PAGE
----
This blog post is prompted by Suresh Nair, who added a comment to this post as follows "I have got yet another thing to point out - the old usually are stubborn and are a hard nut to crack. The young do share the available knowledge liberally to at least make their position strong".
Let me tell you about some findings from a recent piece of work, conducting a detailed KM assessment in an organisation.
This organisation had a major issue. The bulk of their knowledge was held by an ageing workforce, and they needed to transfer this to the next generation of young graduates. They had set up a system of mentoring, and personal development plans, but somehow this was not working. When we investigated, these are some of the things we heard
"Unfortunately the young guys are not responding. I have to go looking for them -- I have to pull them out of bed to come and learn".
We are ready to share our knowledge with them, but they have to ask. We don't know what they want; we can't read their minds"
"They never ask us anything"
"The old guys don't share with us. Maybe they are worried we will take our jobs"
"they are too busy solving problems to train us"
"They never tell us anything"
Do you see the problem? "They never ask us anything - They never tell us anything"
It's not that the old guys are stubborn or the new guys are lazy - both of them would share knowledge, but there is a gap between them, and nothing to bridge the gap. Each is waiting for the other to make the first move. There is no process to help them, and there is no incentive to close the gap either. The young guys lose face by asking to be taught, the old guys are distracted from "important work" by teaching (they see themselves as doers, not teachers). So the knowledge does not get shared.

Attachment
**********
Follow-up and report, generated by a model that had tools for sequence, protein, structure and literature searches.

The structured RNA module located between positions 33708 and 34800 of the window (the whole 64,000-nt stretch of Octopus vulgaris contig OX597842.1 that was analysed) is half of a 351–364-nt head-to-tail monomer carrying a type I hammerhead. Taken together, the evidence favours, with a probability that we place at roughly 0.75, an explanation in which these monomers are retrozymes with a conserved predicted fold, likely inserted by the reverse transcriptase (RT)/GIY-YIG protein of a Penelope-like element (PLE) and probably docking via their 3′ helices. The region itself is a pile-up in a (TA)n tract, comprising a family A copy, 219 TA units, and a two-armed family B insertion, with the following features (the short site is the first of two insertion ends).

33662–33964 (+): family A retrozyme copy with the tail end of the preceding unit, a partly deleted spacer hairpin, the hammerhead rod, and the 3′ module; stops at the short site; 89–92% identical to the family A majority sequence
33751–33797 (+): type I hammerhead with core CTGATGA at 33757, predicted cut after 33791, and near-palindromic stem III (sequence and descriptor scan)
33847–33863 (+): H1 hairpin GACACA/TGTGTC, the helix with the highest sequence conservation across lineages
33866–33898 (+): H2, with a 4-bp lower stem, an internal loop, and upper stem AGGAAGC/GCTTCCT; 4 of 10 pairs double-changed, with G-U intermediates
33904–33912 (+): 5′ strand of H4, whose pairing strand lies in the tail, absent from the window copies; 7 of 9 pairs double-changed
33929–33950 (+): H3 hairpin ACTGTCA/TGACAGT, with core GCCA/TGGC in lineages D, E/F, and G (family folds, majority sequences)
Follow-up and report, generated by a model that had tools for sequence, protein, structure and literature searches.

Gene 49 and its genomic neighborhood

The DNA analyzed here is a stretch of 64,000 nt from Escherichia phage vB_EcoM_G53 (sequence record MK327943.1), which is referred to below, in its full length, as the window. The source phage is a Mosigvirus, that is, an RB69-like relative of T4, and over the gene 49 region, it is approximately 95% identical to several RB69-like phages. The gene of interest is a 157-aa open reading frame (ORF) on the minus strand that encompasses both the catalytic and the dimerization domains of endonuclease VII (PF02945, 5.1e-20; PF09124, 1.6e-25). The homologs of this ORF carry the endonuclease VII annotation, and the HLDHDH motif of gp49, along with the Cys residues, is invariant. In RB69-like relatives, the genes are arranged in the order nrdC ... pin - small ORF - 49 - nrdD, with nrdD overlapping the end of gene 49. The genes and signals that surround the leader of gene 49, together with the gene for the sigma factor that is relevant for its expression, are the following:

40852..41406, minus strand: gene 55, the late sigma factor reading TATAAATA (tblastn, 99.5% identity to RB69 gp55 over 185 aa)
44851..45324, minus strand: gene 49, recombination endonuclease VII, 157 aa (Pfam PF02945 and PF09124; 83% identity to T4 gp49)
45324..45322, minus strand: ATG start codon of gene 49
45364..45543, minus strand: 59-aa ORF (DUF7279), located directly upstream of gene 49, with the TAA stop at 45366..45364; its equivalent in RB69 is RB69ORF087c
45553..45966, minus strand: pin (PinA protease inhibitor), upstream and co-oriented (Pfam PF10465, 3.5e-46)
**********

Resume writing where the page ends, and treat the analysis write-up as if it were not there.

So how to we get round a problem like this?
First of all we recognise that the problem does not lie with the old guys, nor does it lie with the young guys. The young guys would ask, if they knew how to ask, and if they had an opportunity to ask. The old guys would share knowledge willingly if they thought the young guys were interested. The problem is with the system, and with the assumption that if you say "share knowledge", people will just do it, with no process, no technology, and no governance.
So we introduce some process. We train the young guys in knowledge harvesting. We give them some status as "knowledge managers". We give the old guys some status as internal consultants. We create approaches that close the gap. Then we monitor and measure and track, and we support the people who need support, encourage the people that need encouragement, and recognise the people who need recognition.
What we don't do, is blame the people.